Parliament Updates

Zali Steggall speaks on the Australian Research Council Amendment (Review Response) Bill 2023

6 February 2024 


I rise to speak on the Australian Research Council Amendment (Review Response) Bill 2023. I will be supporting this bill. It enacts the recommendations made by the review of the Australian Research Council, the report of which was handed to the government last year. The review is arguably one of the most critical analyses of the ARC since it was first established in 2001 and recommends some fundamental changes.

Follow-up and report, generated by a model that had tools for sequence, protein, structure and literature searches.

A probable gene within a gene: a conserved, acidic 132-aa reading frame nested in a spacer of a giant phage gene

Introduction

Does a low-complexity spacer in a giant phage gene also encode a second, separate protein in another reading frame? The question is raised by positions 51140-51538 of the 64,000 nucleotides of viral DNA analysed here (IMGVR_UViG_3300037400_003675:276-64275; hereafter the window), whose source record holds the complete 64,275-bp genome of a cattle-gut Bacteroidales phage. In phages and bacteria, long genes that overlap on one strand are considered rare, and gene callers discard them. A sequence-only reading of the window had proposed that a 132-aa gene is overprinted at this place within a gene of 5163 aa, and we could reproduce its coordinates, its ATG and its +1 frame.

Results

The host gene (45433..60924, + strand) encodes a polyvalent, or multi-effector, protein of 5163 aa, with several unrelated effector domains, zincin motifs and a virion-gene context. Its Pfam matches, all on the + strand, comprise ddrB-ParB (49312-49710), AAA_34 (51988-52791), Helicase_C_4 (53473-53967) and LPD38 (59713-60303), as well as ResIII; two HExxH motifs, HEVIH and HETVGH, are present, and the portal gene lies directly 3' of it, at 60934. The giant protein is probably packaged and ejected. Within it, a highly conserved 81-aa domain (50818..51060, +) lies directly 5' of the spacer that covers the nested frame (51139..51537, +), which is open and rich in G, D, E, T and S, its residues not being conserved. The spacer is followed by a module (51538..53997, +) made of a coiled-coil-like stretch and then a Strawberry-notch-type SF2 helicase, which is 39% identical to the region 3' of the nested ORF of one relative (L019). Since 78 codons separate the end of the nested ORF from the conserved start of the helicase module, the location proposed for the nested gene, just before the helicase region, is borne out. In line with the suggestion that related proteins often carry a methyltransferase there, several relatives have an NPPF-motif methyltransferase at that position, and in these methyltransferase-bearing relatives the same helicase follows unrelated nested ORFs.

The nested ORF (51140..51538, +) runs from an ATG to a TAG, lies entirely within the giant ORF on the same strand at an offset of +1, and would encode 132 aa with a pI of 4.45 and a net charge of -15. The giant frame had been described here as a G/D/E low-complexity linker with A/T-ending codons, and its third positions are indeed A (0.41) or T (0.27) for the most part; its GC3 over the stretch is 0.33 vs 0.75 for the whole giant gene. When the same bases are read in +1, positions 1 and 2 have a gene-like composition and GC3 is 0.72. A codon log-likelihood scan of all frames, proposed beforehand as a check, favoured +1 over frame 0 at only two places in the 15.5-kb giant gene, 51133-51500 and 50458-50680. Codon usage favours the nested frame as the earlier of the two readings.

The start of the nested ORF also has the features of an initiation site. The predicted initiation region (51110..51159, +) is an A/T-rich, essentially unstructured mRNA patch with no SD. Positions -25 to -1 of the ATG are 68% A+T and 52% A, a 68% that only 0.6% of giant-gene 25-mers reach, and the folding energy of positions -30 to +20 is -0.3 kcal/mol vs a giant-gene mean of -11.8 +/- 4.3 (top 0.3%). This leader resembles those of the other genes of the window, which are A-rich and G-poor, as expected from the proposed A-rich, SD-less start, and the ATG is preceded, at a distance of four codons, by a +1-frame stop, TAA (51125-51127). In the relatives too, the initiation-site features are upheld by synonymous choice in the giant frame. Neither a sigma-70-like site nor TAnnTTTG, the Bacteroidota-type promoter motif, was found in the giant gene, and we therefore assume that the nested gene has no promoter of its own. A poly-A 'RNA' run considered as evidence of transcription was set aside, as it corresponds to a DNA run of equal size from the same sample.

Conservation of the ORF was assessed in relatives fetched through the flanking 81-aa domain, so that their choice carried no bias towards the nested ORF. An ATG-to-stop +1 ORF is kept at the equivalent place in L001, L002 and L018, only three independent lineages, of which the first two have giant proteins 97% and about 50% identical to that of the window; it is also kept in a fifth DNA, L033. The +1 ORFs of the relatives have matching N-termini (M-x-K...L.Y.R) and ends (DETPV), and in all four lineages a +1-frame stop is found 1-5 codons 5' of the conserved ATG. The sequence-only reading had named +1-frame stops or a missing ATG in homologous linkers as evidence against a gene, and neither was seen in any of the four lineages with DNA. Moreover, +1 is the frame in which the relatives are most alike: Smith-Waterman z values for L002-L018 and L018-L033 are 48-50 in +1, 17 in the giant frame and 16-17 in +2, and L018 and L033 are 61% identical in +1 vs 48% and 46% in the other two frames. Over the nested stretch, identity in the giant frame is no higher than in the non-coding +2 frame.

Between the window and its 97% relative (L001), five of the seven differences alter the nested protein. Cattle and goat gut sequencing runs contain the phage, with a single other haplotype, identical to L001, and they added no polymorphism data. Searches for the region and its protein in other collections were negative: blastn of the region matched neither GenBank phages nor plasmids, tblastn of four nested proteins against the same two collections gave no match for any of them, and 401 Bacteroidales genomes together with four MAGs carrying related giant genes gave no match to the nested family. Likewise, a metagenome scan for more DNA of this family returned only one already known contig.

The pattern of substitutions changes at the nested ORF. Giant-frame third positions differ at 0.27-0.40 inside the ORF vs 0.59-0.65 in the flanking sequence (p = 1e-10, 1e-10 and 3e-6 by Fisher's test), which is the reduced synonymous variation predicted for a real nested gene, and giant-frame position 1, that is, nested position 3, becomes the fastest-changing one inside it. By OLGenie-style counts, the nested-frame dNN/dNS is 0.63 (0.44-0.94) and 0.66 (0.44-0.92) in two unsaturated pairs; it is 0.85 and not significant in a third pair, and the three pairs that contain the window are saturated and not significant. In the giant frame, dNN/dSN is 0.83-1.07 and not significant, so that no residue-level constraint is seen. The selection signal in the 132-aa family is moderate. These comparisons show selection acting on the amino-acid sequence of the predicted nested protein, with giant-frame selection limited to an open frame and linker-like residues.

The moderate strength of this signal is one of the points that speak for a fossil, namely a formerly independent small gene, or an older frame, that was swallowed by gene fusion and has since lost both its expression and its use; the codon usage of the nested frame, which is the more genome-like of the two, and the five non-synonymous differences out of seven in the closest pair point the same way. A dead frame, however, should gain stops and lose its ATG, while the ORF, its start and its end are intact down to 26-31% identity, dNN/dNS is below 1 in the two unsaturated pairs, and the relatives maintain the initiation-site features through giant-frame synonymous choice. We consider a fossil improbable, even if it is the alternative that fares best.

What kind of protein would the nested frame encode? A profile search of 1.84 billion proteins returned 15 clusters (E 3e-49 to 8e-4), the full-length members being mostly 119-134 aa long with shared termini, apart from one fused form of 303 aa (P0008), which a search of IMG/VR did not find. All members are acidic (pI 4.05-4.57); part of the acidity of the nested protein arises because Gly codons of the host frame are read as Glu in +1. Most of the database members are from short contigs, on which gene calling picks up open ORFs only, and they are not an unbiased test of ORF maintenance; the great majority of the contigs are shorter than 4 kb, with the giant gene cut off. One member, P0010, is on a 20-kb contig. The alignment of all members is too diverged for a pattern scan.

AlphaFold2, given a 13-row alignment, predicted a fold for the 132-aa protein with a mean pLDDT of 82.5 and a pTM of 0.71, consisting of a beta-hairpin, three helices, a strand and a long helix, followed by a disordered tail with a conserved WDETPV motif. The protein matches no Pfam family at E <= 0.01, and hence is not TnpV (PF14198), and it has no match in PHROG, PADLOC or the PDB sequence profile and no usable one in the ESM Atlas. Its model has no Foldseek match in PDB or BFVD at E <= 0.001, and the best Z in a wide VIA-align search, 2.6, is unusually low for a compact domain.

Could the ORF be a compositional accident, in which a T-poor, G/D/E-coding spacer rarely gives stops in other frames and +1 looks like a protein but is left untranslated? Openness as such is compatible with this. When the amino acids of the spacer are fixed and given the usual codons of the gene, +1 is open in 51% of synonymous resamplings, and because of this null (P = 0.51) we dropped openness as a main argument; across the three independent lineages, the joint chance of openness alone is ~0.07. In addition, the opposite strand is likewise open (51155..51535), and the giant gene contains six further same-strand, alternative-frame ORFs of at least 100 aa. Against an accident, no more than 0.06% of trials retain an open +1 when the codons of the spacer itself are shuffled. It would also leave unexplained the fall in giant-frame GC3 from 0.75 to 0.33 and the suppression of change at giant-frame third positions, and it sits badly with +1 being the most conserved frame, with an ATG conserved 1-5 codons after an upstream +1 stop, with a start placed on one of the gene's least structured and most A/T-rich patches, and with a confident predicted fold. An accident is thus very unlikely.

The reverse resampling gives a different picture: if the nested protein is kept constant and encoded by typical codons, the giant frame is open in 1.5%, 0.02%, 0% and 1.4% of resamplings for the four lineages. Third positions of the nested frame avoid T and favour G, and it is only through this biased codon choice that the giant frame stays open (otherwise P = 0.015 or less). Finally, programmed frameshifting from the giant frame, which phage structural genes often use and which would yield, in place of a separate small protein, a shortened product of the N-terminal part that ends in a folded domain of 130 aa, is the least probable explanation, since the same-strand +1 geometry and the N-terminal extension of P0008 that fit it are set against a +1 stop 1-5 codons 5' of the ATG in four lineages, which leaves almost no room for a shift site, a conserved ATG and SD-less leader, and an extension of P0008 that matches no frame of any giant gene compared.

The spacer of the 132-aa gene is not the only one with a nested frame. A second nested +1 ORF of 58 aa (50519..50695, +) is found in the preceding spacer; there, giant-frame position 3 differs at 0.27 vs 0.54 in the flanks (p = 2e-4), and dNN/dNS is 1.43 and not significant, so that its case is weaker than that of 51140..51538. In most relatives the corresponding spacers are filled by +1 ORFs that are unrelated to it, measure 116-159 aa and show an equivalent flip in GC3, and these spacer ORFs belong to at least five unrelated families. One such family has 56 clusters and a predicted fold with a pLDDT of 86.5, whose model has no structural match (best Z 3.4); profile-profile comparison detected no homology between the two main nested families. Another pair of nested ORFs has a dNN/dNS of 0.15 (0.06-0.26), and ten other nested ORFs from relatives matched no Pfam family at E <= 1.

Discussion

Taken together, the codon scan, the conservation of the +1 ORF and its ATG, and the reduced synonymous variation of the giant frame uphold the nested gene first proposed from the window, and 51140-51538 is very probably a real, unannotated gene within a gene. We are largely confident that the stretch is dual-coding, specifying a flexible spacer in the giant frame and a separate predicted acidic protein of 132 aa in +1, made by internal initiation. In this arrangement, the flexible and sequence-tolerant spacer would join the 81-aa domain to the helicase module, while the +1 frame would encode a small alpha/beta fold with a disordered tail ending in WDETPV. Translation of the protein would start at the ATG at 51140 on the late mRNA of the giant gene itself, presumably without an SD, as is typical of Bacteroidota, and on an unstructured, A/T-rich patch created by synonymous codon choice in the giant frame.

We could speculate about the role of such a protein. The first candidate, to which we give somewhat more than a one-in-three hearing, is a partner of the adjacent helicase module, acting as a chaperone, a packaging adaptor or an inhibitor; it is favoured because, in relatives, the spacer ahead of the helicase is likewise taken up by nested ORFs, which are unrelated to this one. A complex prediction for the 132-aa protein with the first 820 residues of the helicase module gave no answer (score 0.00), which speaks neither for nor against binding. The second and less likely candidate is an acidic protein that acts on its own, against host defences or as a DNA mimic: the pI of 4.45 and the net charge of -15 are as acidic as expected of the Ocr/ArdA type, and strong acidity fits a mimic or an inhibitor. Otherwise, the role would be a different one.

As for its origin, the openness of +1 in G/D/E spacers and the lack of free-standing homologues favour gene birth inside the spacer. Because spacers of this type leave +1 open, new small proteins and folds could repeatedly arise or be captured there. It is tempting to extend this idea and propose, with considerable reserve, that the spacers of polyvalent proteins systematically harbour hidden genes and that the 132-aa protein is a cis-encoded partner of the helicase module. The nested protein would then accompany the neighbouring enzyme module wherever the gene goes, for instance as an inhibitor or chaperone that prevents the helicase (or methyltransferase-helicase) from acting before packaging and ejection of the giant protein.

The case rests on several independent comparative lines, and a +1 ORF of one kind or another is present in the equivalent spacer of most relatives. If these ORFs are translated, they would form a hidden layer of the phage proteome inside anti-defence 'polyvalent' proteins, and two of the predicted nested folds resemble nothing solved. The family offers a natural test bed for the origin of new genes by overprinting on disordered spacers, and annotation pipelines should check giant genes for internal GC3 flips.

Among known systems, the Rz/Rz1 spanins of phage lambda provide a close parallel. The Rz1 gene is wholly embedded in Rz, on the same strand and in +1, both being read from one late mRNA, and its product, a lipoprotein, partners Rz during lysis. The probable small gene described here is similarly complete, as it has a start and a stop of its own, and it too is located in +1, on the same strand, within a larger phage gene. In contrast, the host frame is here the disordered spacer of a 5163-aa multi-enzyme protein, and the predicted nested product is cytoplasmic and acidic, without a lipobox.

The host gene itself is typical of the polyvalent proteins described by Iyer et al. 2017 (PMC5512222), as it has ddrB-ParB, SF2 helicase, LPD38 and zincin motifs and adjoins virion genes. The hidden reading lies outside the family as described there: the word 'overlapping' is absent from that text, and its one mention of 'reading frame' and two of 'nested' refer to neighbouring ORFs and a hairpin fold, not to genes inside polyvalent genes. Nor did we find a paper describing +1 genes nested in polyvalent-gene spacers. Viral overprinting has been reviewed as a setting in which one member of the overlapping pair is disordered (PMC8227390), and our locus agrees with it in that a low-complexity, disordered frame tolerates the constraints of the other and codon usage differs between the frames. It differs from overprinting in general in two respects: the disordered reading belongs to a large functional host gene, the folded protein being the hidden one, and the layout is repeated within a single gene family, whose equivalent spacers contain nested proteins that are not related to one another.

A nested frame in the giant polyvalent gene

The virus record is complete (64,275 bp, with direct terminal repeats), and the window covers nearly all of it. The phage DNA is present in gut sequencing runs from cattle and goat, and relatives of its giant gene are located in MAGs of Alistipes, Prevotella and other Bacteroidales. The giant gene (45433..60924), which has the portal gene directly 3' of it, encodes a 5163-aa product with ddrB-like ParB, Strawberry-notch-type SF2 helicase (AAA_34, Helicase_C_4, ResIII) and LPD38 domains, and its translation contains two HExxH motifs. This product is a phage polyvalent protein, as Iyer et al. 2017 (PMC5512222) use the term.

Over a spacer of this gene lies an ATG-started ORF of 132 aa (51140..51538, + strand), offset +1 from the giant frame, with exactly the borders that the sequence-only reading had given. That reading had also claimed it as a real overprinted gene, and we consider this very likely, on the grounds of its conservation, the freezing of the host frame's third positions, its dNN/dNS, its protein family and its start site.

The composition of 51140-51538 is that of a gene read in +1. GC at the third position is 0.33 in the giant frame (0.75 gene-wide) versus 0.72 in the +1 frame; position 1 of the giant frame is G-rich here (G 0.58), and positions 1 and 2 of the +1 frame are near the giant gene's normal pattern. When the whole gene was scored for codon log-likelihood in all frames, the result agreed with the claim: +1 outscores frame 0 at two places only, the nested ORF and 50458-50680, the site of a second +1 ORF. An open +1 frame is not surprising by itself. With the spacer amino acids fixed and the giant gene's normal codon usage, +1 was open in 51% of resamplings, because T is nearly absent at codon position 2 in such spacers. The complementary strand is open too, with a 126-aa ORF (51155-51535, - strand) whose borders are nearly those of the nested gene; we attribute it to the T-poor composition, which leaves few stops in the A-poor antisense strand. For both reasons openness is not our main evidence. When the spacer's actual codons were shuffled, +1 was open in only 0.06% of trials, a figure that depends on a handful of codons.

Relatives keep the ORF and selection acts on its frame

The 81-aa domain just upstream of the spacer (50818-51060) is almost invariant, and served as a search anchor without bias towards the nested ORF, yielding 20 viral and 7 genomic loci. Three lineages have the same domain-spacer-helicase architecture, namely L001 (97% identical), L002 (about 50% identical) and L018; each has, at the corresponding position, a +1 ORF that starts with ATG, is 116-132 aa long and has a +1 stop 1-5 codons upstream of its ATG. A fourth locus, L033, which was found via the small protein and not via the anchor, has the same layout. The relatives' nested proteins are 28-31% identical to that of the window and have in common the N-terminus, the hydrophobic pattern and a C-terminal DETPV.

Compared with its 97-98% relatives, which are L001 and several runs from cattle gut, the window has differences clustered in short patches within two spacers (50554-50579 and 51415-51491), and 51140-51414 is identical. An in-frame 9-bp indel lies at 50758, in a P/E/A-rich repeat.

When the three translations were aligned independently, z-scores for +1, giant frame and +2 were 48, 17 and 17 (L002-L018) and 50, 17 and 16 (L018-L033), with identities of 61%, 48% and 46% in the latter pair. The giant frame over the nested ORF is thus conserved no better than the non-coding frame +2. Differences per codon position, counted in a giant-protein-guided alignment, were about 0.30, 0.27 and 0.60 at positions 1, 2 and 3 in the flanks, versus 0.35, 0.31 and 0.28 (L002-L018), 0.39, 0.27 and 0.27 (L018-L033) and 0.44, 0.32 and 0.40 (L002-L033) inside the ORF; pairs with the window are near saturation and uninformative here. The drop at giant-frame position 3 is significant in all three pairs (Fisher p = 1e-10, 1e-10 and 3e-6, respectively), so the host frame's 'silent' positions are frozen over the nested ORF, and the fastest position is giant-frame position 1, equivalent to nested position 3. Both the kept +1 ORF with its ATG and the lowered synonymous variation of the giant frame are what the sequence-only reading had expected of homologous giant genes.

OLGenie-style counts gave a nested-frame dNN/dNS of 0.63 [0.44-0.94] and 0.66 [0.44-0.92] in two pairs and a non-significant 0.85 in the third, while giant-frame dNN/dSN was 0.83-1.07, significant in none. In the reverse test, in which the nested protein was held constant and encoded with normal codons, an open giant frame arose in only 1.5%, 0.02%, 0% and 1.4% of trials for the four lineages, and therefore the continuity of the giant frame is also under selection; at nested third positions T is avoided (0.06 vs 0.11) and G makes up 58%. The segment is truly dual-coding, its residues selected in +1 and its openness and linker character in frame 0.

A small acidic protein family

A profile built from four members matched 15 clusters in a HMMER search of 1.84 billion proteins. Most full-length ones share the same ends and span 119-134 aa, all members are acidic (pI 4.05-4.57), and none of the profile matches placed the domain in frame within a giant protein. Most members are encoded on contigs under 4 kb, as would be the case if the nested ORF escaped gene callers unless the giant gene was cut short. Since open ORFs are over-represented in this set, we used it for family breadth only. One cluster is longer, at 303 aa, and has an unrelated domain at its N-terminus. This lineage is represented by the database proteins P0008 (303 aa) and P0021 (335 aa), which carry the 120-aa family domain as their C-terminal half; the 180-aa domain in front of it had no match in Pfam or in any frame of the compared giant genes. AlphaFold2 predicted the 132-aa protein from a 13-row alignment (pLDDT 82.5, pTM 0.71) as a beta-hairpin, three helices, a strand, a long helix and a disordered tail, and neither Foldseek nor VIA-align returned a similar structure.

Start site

First of all—for everybody—what does the ARC itself do? The Australian Research Council is a statutory Commonwealth agency under the ARC Act. Its fundamental purpose since it was established has been to grow knowledge and innovation in the national interest and for the Australian community. This kind of innovation aims to underpin positive environmental, social and economic outcomes, exactly what is needed as we face the climate crisis and transition to a net zero economy. The ARC does this by advising the government on research matters as well as administering the national competitive grants program and the Excellence in Research for Australia and Engagement and Impact Assessment frameworks. The ARC runs various funding schemes, under the banner of linkage programs, which encourage research collaborations between researchers and a range of different styles of organisations, including private enterprise, community organisations and other research agencies.